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dc.contributor.authorJohnston, William
dc.contributor.authorSharma, Bhisham
dc.date.accessioned2021-06-01T03:17:58Z
dc.date.available2021-06-01T03:17:58Z
dc.date.issued2021-05-01
dc.identifier.citationJohnston, W., & Sharma, B. (2021). Additive manufacturing of fibrous sound absorbers. Additive Manufacturing, 41 doi:10.1016/j.addma.2021.101984en_US
dc.identifier.issn2214-7810
dc.identifier.issn2214-8604
dc.identifier.urihttps://doi.org/10.1016/j.addma.2021.101984
dc.identifier.urihttps://soar.wichita.edu/handle/10057/20065
dc.descriptionThis article is available in SOAR. Click on the DOI to access the publisher’s version (may not be free)en_US
dc.description.abstractWe investigate the possibility of additively manufacturing fibrous sound absorbers using fused deposition modeling. Two methods for 3D printing fibers are proposed. The fiber bridging method involves extruding the filament between two points with no underlying supports. The extrude-and-pull method involves extruding a filament droplet before pulling away the extruder rapidly to generate thin fibers. Both methods can produce fibers with aspect ratios greater than 100. Optical microscopy is used to investigate the effect of various printing parameters on the fiber characteristics. The sound absorption coefficient of samples printed using the two techniques are measured using a two-microphone normal incidence impedance tube setup. Effects of printing parameters and fiber density variables are experimentally studied. The experimental studies are supported by the Johnson-Champoux-Allard semi-empirical analytical model informed using an inverse characterization approach. The analytical model is then utilized to understand the effect of fiber parameters on the acoustical transport parameters. It is observed that the two methods result in individual fibers with distinct characteristics. On average, the fiber bridging method results in thicker fibers, which results in comparatively higher sound absorption. However, the extrude-and-pull method results in fibers with hair-like characteristics (thick base with progressively decreasing thickness) and one may easily incorporate it within existing additive manufacturing routines to add fibers to a base surface, thus opening up a new route towards fiber-enhanced multifunctional structures.en_US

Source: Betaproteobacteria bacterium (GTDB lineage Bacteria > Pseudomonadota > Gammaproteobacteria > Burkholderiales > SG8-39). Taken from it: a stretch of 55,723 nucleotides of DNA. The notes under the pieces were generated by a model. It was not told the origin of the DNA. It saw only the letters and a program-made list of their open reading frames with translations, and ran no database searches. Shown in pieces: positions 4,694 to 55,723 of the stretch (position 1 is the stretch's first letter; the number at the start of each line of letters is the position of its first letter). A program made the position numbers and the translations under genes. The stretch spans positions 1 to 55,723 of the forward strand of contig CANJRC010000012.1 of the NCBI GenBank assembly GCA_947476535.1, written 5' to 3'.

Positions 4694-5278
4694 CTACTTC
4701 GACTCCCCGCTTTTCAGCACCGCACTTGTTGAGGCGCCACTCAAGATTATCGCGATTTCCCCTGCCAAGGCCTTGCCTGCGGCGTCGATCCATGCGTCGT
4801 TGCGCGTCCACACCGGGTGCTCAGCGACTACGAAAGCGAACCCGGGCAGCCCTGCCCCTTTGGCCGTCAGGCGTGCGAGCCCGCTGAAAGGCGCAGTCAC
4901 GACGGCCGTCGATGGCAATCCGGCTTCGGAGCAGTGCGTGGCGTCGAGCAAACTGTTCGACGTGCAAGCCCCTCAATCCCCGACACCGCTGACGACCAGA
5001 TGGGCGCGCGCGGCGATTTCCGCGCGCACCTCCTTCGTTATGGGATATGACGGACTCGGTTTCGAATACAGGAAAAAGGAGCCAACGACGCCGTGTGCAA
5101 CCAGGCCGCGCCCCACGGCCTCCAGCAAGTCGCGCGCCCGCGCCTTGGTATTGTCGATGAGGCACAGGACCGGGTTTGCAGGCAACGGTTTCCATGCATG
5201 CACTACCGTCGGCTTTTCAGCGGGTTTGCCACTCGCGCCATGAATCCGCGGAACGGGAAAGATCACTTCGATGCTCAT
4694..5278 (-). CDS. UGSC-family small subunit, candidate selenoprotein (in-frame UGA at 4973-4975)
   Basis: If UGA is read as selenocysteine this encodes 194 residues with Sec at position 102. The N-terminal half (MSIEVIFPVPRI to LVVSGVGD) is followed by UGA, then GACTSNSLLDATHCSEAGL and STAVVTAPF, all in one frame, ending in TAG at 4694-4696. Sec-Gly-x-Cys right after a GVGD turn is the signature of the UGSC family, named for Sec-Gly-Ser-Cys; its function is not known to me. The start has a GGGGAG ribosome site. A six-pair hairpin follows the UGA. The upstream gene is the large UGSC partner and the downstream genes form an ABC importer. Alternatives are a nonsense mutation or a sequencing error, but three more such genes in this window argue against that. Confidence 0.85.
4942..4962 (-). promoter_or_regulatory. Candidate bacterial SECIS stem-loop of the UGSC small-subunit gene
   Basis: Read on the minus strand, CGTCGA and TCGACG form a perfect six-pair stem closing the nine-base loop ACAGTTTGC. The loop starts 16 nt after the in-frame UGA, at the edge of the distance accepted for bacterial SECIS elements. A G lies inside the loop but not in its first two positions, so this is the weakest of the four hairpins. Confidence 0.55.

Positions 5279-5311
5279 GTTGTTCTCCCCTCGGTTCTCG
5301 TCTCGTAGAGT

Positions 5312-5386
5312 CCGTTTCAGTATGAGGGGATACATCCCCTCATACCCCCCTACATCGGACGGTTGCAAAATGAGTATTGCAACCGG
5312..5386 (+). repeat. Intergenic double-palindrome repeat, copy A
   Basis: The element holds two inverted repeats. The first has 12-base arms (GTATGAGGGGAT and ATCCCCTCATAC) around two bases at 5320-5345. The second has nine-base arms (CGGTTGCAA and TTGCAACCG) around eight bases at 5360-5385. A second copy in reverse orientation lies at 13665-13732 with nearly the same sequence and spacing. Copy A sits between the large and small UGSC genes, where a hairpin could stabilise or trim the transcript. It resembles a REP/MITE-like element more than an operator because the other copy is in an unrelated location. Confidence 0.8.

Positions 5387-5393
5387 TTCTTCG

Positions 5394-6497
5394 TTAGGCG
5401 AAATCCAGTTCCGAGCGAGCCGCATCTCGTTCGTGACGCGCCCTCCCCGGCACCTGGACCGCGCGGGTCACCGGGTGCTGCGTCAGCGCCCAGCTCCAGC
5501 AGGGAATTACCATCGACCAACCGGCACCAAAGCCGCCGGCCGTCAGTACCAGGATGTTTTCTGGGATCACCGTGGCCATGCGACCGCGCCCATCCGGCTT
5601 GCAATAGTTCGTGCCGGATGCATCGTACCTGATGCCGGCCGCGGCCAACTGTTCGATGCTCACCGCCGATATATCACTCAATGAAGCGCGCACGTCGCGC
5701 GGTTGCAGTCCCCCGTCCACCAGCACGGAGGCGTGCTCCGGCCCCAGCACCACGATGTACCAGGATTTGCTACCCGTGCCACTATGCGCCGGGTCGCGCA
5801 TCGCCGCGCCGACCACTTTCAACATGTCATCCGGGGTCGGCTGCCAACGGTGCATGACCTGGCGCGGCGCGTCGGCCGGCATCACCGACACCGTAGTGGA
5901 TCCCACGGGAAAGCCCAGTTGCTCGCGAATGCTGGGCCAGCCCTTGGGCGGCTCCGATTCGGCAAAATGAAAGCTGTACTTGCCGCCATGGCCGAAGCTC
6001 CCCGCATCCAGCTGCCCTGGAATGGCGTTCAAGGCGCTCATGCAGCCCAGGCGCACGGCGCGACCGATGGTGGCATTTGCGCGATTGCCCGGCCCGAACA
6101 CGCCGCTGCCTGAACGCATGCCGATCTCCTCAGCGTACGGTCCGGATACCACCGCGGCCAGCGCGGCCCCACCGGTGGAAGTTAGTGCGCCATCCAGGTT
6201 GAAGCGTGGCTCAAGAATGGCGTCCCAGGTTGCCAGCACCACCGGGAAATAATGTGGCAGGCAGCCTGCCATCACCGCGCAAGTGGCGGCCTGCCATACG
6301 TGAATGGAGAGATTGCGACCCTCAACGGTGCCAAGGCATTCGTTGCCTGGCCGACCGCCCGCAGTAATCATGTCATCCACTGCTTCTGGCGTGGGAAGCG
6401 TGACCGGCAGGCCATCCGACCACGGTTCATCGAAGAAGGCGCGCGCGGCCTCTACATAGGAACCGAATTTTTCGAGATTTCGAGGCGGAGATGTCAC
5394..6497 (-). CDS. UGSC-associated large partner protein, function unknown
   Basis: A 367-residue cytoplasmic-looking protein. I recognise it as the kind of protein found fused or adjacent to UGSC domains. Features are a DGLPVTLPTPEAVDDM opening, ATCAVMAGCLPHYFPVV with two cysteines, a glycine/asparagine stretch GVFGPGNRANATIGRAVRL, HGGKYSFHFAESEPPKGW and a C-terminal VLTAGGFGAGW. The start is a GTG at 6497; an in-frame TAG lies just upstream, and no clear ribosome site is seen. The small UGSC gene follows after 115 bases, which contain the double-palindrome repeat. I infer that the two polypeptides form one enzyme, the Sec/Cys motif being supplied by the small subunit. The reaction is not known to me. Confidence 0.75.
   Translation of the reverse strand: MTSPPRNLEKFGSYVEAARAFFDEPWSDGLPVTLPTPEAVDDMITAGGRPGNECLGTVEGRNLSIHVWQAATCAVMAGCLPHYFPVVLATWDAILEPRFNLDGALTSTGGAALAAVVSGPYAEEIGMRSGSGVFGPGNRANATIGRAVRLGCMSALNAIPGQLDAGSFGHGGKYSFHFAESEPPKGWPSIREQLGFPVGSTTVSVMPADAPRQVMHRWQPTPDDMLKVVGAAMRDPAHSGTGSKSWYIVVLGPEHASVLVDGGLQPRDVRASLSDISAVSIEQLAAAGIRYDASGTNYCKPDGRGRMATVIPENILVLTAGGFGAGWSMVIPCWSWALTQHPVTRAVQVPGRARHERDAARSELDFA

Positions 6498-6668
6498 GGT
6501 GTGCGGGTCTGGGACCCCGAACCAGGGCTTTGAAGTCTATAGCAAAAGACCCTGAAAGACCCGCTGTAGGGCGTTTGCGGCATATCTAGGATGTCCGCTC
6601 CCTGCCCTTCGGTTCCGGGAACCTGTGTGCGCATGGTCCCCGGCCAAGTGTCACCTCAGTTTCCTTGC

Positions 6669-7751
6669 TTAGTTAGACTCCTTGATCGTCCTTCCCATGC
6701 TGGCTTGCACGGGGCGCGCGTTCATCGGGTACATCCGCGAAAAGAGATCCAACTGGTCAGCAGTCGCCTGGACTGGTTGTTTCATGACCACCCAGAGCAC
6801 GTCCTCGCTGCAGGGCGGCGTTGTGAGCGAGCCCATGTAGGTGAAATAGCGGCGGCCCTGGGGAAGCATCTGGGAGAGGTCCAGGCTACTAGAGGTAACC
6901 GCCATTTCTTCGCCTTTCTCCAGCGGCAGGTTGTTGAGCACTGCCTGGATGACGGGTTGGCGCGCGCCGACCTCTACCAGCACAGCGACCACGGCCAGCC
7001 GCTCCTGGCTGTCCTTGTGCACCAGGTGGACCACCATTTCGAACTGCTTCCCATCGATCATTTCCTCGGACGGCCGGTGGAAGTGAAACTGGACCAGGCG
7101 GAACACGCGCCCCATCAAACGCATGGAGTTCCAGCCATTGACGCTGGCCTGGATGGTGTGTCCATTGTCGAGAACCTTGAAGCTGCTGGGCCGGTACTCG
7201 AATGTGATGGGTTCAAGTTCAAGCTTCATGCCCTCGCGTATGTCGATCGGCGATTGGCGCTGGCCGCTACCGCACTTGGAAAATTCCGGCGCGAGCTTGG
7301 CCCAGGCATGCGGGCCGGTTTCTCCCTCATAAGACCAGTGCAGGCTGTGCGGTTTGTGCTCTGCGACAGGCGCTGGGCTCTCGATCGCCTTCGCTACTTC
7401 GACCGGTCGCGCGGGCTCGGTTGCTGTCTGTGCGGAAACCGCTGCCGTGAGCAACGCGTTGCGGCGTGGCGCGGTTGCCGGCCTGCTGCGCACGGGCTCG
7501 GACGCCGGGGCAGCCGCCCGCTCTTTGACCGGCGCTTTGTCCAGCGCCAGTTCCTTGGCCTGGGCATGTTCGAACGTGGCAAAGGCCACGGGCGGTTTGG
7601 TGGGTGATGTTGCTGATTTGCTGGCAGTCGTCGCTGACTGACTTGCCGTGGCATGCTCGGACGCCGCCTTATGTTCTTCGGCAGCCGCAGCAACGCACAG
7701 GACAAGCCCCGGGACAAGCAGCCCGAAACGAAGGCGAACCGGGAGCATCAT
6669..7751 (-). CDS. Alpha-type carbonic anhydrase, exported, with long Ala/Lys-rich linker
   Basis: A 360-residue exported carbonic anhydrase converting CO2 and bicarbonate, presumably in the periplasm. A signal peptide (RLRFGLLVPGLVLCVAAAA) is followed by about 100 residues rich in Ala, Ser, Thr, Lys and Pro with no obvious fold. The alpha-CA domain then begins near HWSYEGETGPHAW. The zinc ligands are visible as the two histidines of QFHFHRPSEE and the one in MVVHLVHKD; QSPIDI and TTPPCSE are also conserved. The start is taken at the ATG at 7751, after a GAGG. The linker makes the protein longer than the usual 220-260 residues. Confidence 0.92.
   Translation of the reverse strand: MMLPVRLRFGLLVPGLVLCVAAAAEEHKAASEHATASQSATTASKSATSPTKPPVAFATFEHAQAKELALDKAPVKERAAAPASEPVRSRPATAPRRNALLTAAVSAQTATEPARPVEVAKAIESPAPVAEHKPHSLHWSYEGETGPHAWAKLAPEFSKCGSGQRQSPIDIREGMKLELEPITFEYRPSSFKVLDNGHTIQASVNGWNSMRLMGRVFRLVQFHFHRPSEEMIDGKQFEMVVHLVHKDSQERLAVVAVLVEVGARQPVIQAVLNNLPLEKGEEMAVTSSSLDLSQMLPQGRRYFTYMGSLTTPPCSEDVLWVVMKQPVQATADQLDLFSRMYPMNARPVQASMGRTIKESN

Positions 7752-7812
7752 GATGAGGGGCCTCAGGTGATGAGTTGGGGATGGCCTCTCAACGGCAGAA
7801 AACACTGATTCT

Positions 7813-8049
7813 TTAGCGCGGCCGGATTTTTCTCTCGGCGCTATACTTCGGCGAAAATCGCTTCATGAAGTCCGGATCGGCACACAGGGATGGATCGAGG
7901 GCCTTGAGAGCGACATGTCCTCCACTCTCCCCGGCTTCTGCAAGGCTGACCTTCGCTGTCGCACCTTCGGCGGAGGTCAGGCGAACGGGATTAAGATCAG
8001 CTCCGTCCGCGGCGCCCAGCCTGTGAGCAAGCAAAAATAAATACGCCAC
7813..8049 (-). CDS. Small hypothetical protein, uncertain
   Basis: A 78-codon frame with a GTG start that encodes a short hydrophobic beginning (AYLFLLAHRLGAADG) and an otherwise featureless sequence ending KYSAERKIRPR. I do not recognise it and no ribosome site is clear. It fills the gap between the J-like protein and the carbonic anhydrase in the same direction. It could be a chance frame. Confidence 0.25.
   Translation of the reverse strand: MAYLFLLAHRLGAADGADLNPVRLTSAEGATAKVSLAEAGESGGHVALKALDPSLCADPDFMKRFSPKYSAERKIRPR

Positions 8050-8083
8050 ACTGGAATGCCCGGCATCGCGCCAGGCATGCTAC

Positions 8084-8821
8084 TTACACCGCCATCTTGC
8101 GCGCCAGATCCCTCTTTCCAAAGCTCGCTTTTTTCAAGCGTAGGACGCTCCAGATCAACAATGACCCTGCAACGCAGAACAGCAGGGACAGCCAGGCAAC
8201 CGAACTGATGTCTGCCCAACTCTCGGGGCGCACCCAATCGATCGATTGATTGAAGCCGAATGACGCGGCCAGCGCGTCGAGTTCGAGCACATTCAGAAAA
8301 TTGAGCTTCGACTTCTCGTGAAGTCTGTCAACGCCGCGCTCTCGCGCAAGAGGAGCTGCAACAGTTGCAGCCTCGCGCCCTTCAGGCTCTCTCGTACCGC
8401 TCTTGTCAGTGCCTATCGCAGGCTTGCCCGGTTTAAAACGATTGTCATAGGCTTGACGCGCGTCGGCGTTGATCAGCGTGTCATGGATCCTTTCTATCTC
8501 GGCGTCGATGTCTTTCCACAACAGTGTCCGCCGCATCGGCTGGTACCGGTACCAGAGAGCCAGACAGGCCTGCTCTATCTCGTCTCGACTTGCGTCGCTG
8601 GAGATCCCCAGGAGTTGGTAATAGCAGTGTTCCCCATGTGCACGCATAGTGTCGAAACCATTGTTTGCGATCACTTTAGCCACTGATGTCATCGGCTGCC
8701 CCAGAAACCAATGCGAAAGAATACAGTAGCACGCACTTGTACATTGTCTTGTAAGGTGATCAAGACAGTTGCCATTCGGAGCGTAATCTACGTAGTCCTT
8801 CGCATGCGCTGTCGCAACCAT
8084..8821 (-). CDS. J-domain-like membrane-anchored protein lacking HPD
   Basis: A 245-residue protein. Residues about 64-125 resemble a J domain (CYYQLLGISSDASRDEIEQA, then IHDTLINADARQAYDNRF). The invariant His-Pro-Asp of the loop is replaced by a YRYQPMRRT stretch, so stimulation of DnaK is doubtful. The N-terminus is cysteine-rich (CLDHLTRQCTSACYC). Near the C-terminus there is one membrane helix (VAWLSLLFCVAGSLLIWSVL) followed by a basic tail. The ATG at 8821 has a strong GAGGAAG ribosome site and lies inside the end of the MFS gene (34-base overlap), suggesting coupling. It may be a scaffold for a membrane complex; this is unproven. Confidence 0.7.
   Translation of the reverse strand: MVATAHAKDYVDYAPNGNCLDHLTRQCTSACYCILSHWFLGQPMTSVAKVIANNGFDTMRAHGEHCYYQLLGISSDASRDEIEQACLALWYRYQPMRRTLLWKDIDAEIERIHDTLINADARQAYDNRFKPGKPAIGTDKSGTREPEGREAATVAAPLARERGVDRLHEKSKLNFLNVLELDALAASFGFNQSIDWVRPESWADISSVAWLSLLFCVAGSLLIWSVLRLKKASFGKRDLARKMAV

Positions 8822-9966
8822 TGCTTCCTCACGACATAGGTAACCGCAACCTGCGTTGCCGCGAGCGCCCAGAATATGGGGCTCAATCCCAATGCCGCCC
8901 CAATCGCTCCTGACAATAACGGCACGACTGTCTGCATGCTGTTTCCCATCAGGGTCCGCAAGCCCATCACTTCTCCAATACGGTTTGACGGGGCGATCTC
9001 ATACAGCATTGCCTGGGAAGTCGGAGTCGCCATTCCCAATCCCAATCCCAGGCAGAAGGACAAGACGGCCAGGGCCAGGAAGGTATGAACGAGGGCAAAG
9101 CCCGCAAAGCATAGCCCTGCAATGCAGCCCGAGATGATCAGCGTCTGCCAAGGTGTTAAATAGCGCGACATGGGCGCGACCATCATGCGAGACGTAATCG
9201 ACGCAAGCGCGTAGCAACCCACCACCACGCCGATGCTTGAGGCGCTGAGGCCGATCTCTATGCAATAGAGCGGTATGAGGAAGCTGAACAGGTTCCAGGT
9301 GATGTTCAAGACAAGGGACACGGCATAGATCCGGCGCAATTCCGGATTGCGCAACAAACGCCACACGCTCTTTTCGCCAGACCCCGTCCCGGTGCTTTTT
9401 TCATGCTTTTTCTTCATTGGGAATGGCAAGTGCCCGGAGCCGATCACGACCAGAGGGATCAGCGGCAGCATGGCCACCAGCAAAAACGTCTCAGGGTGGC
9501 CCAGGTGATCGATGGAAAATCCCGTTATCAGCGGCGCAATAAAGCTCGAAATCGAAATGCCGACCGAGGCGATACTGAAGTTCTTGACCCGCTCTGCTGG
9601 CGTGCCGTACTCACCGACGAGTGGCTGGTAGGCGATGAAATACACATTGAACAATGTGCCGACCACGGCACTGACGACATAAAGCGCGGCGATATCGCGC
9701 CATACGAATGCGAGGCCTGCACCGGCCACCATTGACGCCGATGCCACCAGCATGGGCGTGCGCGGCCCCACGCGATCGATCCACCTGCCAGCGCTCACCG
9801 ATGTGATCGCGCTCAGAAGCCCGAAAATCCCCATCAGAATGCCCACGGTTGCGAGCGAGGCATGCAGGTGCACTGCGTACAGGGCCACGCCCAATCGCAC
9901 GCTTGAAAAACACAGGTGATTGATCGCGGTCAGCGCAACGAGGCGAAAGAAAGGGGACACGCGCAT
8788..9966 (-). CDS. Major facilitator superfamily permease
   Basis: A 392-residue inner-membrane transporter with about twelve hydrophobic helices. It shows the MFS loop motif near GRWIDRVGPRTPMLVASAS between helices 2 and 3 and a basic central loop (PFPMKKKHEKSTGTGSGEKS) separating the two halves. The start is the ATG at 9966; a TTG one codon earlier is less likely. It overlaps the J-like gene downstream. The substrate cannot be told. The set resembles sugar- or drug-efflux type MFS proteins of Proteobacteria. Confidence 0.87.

dc.language.isoen_USen_US
dc.publisherElsevieren_US
dc.relation.ispartofseriesAdditive Manufacturing;Vol. 41
dc.subjectFibersen_US
dc.subjectSound absorptionen_US
dc.subjectNoise reductionen_US
dc.subjectMultifunctional structuresen_US
dc.subjectPorous structuresen_US
dc.titleAdditive manufacturing of fibrous sound absorbersen_US
dc.typeArticleen_US
dc.rights.holder© 2021 Elsevier B.V. All rights reserved.en_US


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    Research publications authored by the Department of Aerospace Engineering faculty and graduate students.

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